Location: Longitude 43°21’18″North Latitude 42°26’21″East
Altitude: 5,642 metres (18,510 ft)
First Ascent: A. W. Moore, F. Gardiner, F. Cruford Grove, Horace Walker, Peter Knubel in 1874
Mount Elbrus is an inactive volcano in the western Caucasus mountain range in Russia, near the border with Georgia. Mt. Elbrus’s highest peak is the highest mountain in the Caucasus, in Russia and also in all of Europe. Mt. Elbrus’s west summit rises to 5,642 metres (18,510 ft); the east summit is lower at 5,621 metres (18,442 ft). The local (Balkar) name, Mingi-Tau, means ‘resembling a thousand mountains’, because Elbrus is such a large mountain. The mountain’s permanent icecap feeds twenty-two glaciers, which in turn feed the Baksan, Kuban, and Malka Rivers. Mount Elbrus was last volcanically active in the 1st century AD.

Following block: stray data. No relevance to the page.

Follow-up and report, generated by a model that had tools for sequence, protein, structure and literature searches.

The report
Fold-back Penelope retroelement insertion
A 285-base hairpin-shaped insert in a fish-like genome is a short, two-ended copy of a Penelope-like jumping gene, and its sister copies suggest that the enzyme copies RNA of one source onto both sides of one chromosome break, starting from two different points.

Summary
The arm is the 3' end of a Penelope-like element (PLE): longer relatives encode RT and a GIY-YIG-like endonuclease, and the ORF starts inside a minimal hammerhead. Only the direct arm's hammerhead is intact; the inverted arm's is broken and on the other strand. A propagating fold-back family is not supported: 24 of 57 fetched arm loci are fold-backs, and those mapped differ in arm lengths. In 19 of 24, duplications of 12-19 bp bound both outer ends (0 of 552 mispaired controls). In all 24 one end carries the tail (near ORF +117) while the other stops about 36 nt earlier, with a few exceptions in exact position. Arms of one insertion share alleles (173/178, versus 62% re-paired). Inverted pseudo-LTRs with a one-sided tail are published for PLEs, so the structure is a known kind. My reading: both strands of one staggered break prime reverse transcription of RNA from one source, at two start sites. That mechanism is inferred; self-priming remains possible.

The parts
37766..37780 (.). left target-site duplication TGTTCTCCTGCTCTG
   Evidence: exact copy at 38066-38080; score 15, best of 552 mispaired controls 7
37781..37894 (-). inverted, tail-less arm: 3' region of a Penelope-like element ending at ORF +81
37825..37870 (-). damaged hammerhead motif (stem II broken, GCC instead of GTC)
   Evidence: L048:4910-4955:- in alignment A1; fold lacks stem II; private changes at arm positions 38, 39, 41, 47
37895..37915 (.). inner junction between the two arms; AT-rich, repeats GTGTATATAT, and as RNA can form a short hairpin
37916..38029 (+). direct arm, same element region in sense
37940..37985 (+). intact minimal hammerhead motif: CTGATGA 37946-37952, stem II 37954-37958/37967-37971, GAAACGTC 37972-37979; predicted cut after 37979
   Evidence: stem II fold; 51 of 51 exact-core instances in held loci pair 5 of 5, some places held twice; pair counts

Challenging ascent routes have been identified, for example arriving from the east up the Iryk valley, along the Irykchat glacier and over the Irykchat pass (3667m) on to snowfields below the ribs of the eastern spur. By number of deaths, Elbrus is one of the world’s most lethal mountains: the average annual death toll on Elbrus is 15-30 climbers, but forty-eight climbers, skiers and snowboarders died in the Mount Elbrus area in the year 2004. Sudden storms and extremely cold weather are very common in this region, and there are many frostbite and hypothermia injuries and deaths on the mountain every year. Due to political unrest and the threat from Chechen extremists, the UK Foreign and Commonwealth Office have advised against travel to the Elbrus region for the past eight years.